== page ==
Furthermore, not everyone who doesn’t agree with our Worthy Opponents is a schismatic. It is not my first choice, for example, to cede the Episcopal Church - or at least my diocesan component - to our Worthy Opponents. I may be a malcontent, I may be a rebel, I may be plenty of things both flattering and not, but I can hardly be called a “schismatic.” I don’t want to remove myself from the Episcopal Church; I want to remove the heretics from it, or at least remove them from as large a part as I possibly can.

So if Ms. Fox would like to carry around in her head an accurate picture of the two sides - and I want to be careful to give her credit for the clarity she expresses in her post - then she needs to admit to two things in addition to the things she’s admitted to in her post:

1. The Episcopal right is made up of two fairly distinct subsets: Those who are threatening to leave, and those who are threatening to stay. If you insist on defining the former group as “schismatics,” then in the interest of accuracy you must be very disciplined with yourself not to describe the latter group the same way.

2. If you insist on defining those who want to leave as “schismatics,” and if you accept even the value-neutral definition I quote above (and since you no doubt accept the more harsh “self-aggrandizement” version, it goes without saying you do), then in the interest of accuracy you must exhibit similar discipline in accepting the latter definition of “heretic” as describing yourselves. If wanting to split a church body makes one a schismatic, then certainly “having made a profession of Christian belief, deliberately and pertinaciously refuses to believe one or more of the articles of faith ‘determined by the authority of the universal church’” makes one a heretic.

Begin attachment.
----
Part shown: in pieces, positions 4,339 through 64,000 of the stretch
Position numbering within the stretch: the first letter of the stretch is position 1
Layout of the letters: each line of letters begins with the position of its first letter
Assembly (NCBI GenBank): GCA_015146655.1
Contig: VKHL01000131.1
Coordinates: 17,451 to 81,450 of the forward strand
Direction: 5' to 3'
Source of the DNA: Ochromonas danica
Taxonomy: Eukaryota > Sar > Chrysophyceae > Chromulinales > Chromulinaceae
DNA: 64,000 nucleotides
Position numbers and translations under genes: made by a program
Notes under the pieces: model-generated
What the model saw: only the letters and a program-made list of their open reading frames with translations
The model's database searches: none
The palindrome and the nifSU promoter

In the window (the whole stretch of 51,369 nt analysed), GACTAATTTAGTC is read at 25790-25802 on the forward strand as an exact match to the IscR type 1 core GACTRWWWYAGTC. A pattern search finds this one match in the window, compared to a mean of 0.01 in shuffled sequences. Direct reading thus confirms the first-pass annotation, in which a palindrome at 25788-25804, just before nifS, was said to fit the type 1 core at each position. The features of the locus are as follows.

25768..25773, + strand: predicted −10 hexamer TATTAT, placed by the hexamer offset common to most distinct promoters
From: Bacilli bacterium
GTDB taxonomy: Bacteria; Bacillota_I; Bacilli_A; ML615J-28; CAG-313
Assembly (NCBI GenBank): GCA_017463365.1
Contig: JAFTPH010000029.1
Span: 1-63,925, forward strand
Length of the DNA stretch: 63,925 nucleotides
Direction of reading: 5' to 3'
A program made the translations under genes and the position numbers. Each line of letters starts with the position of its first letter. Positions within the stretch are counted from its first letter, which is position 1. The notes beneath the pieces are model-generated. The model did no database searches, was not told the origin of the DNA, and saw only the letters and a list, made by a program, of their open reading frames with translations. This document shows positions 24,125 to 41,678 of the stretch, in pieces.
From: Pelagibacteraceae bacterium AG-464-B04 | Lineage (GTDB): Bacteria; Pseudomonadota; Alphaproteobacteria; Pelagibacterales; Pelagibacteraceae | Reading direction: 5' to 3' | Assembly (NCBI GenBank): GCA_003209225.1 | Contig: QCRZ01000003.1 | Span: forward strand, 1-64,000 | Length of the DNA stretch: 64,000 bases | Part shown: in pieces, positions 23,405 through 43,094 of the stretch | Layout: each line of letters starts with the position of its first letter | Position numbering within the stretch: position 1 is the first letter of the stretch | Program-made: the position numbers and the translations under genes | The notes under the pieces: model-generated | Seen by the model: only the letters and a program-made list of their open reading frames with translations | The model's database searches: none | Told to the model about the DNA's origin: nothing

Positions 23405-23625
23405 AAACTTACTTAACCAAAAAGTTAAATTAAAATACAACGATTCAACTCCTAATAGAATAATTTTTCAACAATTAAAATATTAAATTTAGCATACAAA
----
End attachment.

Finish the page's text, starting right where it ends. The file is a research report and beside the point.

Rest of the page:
To put an even finer point on it: Some of us who are opposed to your attempts to change the teachings and doctrines of this church, are schismatics. All of you who advocate such changes, are heretics. In the interest of clarity and accuracy, I can’t help but think it’s better for you to finally acknowledge this, than to continue trying to square the circle that “having made a profession of Christian belief, deliberately and pertinaciously refuses to believe one or more of the articles of faith ‘determined by the authority of the universal church’” makes you a traditional Anglican, as so many of you continue to insist.


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Comments:

I agree with most everything you have stated here Greg, except, I do not agree that those who have left are schismatics. I truly believe like many others, that those who defied the Primates plea and request not to go forward and consecrate VGR in 2003, fly in the face of B033, DES, this blasphemy of a civil union of a Bishop in a gay relationship that is contrary to scripture, etc… are the very ones who perpretrated the schism. Thus they are the schismatics not those of us who have removed ourselves from the yoke of heresy.

[1] Posted by TLDillon on 06-09-2008 at 11:31 AM • top

One definition is “a person who promotes schism or is an adherent of a schismatic body.”

Adherent(s)
From the Meriam-Webster Dictionary

Main Entry: 2adherent
Function: noun
Date: 15th century
: one that adheres: as a: a follower of a leader, party, or profession b: a believer in or advocate especially of a particular idea or church

“One who promotes”....We who have left did not promote nor follow the leader of TEC into her and her followers schism of going against scripture and redefining God’s Word. Nor did we or do we advocate their their particular idea for the church to change the meaning of its articles, rubrics of the BCP, the scripture and host of other “New Thing Theology” innovations.

We are not schismatics!

[2] Posted by TLDillon on 06-09-2008 at 11:44 AM • top

Okay, you get on a bus.  You’ve bought a ticket to go to Cleveland.

In the middle of the trip, you change drivers.  The new driver wants to go to New York City instead.  He/She takes a vote, and a vocal minority (the only people he/she hears) vote to go to New York City. A minor riot ensues, the police are called, and the people complaining that they bought a ticket for Cleveland are threatened with jail if they don’t shut up and be quiet on the way to New York City.

Are the people complaining they didn’t want to go to NYC in the wrong?